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Is there a way to generate every time a 100% new GUID without any chance to collide within entire application?

Since I cannot answer my question in eight hours, I come up with the solution:

internal static class GuidGenerator
    private static readonly HashSet<Guid> _guids = new HashSet<Guid>();

    internal static Guid GetOne()
        Guid result;

        lock (_guids)
            while (!_guids.Add(result = Guid.NewGuid())) ;

        return result;
    internal static void Utilize(Guid guid)
        lock (_guids)

Is this code solves the problem within the app?

EDIT: Uh, its getting complicated. Thread safety kills the speed.

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You'll have to use an infinite length GUID. – Nasreddine Nov 2 '11 at 13:34
@AgentFire: Arent GUID's suppose to be globally unique? For entire app, I believe .NewGuid() is enough. Unless you are talking about unique id's across the universes? – KMån Nov 2 '11 at 13:37
@AgentFire This is the code equivalent of staying indoors on a sunny, cloudless day in order to avoid being struck by lightning. – Daniel Pratt Nov 2 '11 at 13:42
@AgentFire There will never be a 100% guarantee that you will not encounter a GUID collision so long as you use a finite-length GUID. What Daniel and CodeInChaos are saying is that the chance of a collision actually occurring in practice is so miniscule that your application is much, much more likely to fail for other reasons, such as a failure of the hardware running it, than because of a GUID collision. – Jared Ng Nov 2 '11 at 13:47
Why don't you just use an integer counter that you increment? – CodesInChaos Nov 3 '11 at 11:59

10 Answers 10

up vote 11 down vote accepted

Sure. A GUID is just a 128-bit value. So use a 128-bit integer (e.g. represented by two ulong values) and increment it. When you've reached the maximum value for the 128-bit integer type, you've generated all possible GUIDs. For example:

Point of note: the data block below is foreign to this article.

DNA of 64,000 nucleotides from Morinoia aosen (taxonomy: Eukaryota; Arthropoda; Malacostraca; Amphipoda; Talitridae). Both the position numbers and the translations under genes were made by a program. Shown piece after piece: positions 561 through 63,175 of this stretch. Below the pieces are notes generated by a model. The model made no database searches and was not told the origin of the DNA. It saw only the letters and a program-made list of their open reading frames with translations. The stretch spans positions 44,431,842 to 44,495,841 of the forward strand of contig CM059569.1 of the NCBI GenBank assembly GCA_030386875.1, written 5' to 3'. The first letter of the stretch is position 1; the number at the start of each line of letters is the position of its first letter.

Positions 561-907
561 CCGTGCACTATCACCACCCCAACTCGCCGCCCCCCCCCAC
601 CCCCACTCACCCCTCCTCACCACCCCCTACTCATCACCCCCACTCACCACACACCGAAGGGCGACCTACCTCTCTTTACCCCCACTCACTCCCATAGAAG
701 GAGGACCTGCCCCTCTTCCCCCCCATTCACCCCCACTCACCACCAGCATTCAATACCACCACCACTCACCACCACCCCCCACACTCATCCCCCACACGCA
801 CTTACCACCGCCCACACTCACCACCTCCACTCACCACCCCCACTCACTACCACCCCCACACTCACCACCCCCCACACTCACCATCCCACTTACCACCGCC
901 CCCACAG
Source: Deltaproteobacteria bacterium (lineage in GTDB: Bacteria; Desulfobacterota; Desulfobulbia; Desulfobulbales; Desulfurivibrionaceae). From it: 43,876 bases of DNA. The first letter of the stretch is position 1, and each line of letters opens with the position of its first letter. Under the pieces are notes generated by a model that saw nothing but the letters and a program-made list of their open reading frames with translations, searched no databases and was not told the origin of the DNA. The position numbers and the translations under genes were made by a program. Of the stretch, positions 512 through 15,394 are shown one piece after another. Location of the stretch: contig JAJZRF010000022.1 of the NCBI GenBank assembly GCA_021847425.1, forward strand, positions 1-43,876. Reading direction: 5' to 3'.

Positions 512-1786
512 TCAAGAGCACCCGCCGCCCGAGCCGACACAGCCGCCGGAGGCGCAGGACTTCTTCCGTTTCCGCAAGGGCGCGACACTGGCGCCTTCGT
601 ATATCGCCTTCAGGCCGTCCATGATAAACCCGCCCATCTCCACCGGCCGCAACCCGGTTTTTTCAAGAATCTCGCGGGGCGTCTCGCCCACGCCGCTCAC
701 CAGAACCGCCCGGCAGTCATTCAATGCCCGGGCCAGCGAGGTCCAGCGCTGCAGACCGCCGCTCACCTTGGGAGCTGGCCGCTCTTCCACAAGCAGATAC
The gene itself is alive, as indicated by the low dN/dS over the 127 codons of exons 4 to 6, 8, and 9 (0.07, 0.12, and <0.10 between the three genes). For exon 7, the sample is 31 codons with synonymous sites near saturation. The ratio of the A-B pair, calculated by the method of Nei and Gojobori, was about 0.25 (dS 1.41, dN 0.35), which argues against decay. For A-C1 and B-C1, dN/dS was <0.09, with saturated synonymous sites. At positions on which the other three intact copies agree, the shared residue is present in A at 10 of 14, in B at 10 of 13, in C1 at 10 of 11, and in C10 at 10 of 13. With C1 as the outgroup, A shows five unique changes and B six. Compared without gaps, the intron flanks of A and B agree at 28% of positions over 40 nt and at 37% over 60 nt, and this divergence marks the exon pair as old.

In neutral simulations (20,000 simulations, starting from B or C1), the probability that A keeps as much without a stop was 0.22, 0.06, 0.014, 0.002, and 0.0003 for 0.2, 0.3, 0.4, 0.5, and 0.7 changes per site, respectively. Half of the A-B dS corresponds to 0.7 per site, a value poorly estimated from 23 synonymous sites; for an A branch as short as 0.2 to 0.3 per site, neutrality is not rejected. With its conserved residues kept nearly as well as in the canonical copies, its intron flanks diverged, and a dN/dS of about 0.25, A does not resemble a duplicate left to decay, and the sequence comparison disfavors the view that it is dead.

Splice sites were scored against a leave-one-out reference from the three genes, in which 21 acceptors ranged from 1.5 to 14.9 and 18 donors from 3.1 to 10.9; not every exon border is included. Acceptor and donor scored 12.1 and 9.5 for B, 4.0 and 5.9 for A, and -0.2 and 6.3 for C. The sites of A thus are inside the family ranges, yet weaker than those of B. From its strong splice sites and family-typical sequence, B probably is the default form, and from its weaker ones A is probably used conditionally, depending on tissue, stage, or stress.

public IEnumerable<Guid> GetAllGuids()
        byte[] buffer = new byte[16];
        ulong x = 0UL;
           byte[] high = BitConverter.GetBytes(x);
           Array.Copy(high, 0, buffer, 0, 8);
           ulong y = 0UL;
               byte[] low = BitConverter.GetBytes(y);
               Array.Copy(low, 0, buffer, 8, 8);
               yield return new Guid(buffer);
           } while (y != 0UL);
        } while (x != 0UL);


  • This is definitely not as efficient as it might be.
  • Iterating over all possible ulong values is a pain - I don't like using do...while...
  • As noted in comments, this will produce values which are not valid UUIDs

Of course, this is in no way random...

In practice, as others have mentioned, the chances of collisions from Guid.NewGuid are incredibly small.

share|improve this answer
@Sangram: I'm not sure what point you're trying to make. The chances of collision are small but non-zero using normal approaches. My code generates every possible GUID, without any repetition. – Jon Skeet Nov 2 '11 at 13:40
@AgentFire: That's far worse than using the do/while version, IMO. – Jon Skeet May 18 '12 at 7:51
@AgentFire: Yes, I preferred that way. I personally don't like using the prefix/postfix increment within a larger expression - the do/while is clearer to me than that. – Jon Skeet May 18 '12 at 8:12
@AgentFire: No, I don't, actually. Try writing the full thing, and you may see why I didn't use it. Hint: if you use y < ulong.MaxValue you'll never see y == ulong.MaxValue... (There's never a value of y at the beginning of the loop which means you should terminate.) – Jon Skeet May 18 '12 at 8:38
There is a bug in the code. The second Array.Copy should be Array.Copy(low, 0, buffer, 8, 8); As written the code will just keep generating a 0 GUID. – Craig W. Apr 5 '13 at 21:51

No, there isn't any way to generate absolutely unique GUIDs. There are only 3.40282367 × 1038 possible GUIDs so as galaxies collide so will these identifiers. Even for a single application, it depends on how many GUIDs the application has. Unless your app is bigger than all of Google's indexers combined, you don't need to lose sleep over this. Just use Guid.NewGuid().

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I think we could ask skeet about Google's indexers once he answers in this topic. – AgentFire May 18 '12 at 8:18